Digital Literacy 2.0 sets out to develop and implement training programmes for staff in non- and informal learning settings such as Public Libraries to enable them for the use of Web 2.0 and the provision of ICT based non-formal learning offers to socially disadvantaged and learning distant people.
Nigel Robertson 's insight:
An EU project looking at digital literacy across the populace and using it to reduce disadvantage.
The term Shaman (or Xaman from the Russian) is a western anthropological construct, used as an attempt to describe a generic type of spiritual practitioner. The term is informed by western religious...
I’ve been taking the Coursera course Fundamentals of Online Education for the last week. I nearly said fortnight because it seems like longer and it seems like a lot has happened yet at the same time nothing has happened. The course was supposed to last 6 weeks but today (now yesterday), without any prior warning, the plug was pulled and the course unceremoniously closed. As a number of people on Twitter said, “Wow! Just wow!”. It’s difficult to know what any of the supposed 41000 enrollees are thinking because the site is shut. No one has anywhere to discuss or comment on their feelings or thoughts about the closure. Well we have e.g. our blogs, Twitter, FaceBook, but we are disconnected from each other. No community had developed in the week that the course was open and even in FaceBook, there was little widespread engagement.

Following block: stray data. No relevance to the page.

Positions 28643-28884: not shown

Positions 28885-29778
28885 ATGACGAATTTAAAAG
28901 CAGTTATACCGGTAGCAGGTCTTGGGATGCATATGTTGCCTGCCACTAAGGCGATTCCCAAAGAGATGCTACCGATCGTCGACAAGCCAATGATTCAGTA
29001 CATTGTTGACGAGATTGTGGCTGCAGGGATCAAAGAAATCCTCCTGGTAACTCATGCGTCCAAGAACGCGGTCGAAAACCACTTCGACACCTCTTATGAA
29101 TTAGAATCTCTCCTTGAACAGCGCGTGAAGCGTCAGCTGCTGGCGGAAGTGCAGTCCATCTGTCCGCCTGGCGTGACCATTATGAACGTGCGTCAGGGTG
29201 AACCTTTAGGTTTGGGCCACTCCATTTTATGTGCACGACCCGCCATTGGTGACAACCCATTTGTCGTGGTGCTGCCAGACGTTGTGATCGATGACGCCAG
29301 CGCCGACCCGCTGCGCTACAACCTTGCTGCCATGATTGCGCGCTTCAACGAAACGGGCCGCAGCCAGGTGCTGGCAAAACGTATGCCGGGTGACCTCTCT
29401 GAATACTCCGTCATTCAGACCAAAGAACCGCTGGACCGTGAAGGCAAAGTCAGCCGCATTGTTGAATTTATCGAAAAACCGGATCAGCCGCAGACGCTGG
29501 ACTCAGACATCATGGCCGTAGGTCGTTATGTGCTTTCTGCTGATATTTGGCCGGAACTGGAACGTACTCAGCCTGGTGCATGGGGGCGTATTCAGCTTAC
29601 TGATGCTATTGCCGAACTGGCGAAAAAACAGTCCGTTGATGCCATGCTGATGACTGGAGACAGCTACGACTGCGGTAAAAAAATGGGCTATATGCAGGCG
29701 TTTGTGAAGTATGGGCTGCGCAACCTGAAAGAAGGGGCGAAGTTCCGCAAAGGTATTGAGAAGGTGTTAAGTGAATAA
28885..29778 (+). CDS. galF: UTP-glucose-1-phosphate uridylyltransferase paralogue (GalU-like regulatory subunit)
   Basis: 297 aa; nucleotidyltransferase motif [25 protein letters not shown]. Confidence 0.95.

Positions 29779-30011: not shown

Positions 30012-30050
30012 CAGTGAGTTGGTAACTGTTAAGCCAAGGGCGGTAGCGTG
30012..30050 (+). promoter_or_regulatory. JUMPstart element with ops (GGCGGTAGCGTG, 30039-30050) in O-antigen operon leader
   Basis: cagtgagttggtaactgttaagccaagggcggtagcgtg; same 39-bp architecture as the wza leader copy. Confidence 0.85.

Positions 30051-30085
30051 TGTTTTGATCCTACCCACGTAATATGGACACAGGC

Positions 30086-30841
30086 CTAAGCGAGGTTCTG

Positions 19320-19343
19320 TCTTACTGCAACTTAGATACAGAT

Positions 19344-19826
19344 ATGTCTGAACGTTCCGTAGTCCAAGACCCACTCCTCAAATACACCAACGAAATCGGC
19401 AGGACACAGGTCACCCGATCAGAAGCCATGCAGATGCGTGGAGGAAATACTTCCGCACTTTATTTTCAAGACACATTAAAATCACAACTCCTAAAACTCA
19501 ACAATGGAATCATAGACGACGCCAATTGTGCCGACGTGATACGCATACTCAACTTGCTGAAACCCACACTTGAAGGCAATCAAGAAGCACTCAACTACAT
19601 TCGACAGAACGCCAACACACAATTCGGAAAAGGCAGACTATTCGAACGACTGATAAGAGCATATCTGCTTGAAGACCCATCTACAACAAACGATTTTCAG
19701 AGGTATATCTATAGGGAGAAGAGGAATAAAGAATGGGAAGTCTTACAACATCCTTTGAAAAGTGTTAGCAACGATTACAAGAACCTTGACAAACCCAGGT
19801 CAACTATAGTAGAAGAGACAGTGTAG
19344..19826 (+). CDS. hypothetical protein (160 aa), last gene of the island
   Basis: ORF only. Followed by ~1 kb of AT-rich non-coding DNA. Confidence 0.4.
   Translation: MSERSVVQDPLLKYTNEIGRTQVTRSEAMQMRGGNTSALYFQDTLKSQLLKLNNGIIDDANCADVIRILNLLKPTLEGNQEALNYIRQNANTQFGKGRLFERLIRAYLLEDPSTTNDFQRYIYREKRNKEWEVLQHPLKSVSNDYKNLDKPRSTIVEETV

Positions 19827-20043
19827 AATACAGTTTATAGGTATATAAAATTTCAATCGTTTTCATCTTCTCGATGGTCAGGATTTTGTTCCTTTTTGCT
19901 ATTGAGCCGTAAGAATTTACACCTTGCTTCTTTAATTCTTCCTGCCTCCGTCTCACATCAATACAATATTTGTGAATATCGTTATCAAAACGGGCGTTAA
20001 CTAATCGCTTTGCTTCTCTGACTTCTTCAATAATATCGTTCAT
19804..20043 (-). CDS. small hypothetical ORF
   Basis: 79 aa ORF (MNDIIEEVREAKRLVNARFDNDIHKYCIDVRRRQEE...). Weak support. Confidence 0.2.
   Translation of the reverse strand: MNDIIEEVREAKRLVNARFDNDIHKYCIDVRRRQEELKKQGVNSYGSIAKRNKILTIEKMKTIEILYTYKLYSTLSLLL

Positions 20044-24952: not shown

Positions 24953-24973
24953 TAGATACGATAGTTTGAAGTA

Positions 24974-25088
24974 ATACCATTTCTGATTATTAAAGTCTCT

Week 1 is where the detailed instructions for the ‘Join A Group’ spreadsheet are. Week 1 is the start of the course. Week 1 is meant to welcome us and make sure that we can all access the technology. When I look in the forums it is clear that this is a widespread issue, not something local to my set up. Getting the start right is not something which we’ve just realised is important. Gilly Salmon wrote about this nearly last century and this is stage 1.
So let’s look at joining a group. The course is using a Google spreadsheet for group sign up. There are no instructions within the spreadsheet but the rows are labelled Group 1, 2, etc and they are 20 columns wide. Seems the intention is that there will be 20 people in a group. Someone will add a new row and give the group a number which is one more than the group before. When 20 people have added their names to a row then someone creates a new row. When I first looked at it there were about 30 or 40 rows, most full. The spreadsheet did say that due to high traffic it was only showing list view but I’ve seen that before so no great worries.
The Chronicle summarises the Ithaka report on UK academics use of digital technology and social media. Basically, they are conservative on the whole with innovation only happening at the level of the individual, not the institution.
Moocs - an examination that is worth engaging with. Why the rewriting of history, the new narrative of moocs, should be treated with care and why we need to carfully think about the real purpose of a mooc and education.